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| | |-+  THe implementation of electronic voting...
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Author Topic: THe implementation of electronic voting...  (Read 16376 times)
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Cuivienen
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« Reply #25 on: March 15, 2007, 03:20:27 pm »
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Internet voting? WTF?

Estonia allowed voting over the internet in its most recent election (just a couple of weeks ago). IIRC it was the first national election worldwide to do so.
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jimrtex
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« Reply #26 on: March 16, 2007, 02:42:50 pm »
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Internet voting? WTF?

Estonia allowed voting over the internet in its most recent election (just a couple of weeks ago). IIRC it was the first national election worldwide to do so.
Texas permits voting by astronauts on the ISS.
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jimrtex
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« Reply #27 on: March 16, 2007, 02:52:29 pm »
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What do you mean by a side column?
A typical ballot could have two columns of offices. For each office there are a number of candidates and ovals to mark one's choices. In the column the candiadates names appear on the left side and the voting ovals on the right. It is possible to leave some of the names for races off the ballot if it varies by precinct in the county. Those names can be printed on a generic ballot for the voter during check-in. The printing shouldn't interfere with the scanned ovals.
How would you ensure that I got the right combination of US representatives, state board of education, state senators and representatives, county commissioners, constables, and JPs on my ballot?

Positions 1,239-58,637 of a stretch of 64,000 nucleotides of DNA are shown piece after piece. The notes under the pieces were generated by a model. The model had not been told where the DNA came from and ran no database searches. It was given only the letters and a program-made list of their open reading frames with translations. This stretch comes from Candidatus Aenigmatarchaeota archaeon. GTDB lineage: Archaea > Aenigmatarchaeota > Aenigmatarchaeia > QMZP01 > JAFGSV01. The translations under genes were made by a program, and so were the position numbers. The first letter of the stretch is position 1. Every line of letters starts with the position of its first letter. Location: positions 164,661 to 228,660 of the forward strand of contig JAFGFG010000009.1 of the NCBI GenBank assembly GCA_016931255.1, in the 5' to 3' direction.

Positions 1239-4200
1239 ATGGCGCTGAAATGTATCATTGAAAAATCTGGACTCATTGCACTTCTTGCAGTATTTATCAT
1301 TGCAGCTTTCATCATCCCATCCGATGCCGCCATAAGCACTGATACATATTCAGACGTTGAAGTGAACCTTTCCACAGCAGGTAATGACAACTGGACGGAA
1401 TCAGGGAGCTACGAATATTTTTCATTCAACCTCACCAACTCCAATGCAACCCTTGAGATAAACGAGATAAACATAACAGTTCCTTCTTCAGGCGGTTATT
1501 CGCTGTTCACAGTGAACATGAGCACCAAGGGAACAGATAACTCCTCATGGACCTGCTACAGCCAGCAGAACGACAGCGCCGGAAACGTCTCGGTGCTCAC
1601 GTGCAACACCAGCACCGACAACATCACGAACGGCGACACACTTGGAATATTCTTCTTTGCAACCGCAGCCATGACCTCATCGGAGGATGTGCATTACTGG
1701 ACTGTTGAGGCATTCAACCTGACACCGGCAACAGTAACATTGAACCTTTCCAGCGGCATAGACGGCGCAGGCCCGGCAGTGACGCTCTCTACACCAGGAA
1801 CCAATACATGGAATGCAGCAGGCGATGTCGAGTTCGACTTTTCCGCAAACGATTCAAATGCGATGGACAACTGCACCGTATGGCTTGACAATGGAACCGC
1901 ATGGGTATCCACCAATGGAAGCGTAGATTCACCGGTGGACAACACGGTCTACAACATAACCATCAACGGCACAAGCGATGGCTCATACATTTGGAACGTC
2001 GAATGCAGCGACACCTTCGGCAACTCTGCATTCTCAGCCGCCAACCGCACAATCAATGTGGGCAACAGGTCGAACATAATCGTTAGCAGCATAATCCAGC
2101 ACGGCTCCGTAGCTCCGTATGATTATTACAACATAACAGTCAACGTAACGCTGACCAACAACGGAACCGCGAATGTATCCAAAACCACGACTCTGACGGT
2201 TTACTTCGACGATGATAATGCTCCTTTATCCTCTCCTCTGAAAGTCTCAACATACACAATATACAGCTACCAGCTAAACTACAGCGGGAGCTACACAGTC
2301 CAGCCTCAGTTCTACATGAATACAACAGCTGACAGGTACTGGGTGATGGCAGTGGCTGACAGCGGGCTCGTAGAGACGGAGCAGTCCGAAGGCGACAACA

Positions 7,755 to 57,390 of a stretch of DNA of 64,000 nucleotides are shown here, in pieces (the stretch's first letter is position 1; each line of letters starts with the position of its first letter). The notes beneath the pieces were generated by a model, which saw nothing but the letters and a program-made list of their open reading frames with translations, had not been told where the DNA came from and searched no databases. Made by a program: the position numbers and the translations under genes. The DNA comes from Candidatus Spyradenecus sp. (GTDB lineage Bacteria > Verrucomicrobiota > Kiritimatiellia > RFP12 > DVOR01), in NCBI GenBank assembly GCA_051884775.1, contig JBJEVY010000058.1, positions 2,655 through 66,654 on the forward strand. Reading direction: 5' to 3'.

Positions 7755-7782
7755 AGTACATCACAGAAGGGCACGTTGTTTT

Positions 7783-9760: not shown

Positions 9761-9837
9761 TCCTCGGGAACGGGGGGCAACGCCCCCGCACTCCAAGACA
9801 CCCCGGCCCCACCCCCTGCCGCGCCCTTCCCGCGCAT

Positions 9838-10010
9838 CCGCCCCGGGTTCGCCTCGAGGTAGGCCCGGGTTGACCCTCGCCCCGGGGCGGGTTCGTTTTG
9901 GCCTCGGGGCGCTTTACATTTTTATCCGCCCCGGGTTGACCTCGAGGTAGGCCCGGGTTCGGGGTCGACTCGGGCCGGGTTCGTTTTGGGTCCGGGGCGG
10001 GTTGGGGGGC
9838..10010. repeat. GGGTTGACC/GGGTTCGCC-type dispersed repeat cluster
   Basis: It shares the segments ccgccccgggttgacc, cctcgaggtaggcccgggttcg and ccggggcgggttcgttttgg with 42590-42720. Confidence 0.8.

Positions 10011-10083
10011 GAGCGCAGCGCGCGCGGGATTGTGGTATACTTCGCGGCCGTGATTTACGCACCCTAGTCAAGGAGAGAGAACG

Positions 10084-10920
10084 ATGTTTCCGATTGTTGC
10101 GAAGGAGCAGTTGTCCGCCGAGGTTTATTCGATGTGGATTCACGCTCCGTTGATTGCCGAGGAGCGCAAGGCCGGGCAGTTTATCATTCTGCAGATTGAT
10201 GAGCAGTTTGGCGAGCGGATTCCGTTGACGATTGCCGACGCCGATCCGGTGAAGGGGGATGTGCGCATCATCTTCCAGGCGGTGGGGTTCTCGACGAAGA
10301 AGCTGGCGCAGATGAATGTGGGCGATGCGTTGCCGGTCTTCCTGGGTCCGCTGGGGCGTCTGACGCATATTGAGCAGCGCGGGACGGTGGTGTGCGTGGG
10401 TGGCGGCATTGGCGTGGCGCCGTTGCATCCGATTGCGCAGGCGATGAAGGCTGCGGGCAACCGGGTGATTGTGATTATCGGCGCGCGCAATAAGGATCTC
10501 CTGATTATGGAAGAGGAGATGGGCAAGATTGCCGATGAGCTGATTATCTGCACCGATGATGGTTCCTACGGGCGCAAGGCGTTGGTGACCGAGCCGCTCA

In many cases, the district offices are for 4 years, with staggered terms, so I may or may not vote for a state senator, for example, based on my precinct.  There are also provisions for removing uncontested races from the ballot.

How would you check for undervotes or overvotes?

How large of ballot paper is required for 100 races?
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muon2
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« Reply #28 on: March 17, 2007, 12:26:22 am »

What do you mean by a side column?
A typical ballot could have two columns of offices. For each office there are a number of candidates and ovals to mark one's choices. In the column the candiadates names appear on the left side and the voting ovals on the right. It is possible to leave some of the names for races off the ballot if it varies by precinct in the county. Those names can be printed on a generic ballot for the voter during check-in. The printing shouldn't interfere with the scanned ovals.
How would you ensure that I got the right combination of US representatives, state board of education, state senators and representatives, county commissioners, constables, and JPs on my ballot?
If the paper is alignhed correctly there shoudl be little problem. Tnhe addition of a printed bar code or equivalent can be used to detect misaligned ballots. In any case the ballots are paper and available for a recount.

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In many cases, the district offices are for 4 years, with staggered terms, so I may or may not vote for a state senator, for example, based on my precinct.  There are also provisions for removing uncontested races from the ballot.
I was only proposing to print the races that were on the current ballot. In IL uncontested races must remain on the ballot.

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How would you check for undervotes or overvotes?
The bar code I suggested earlier can also notify the reader about the expected fields that should be marked.

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How large of ballot paper is required for 100 races?
Cook county judicial ballots are a problem for any system of voting.
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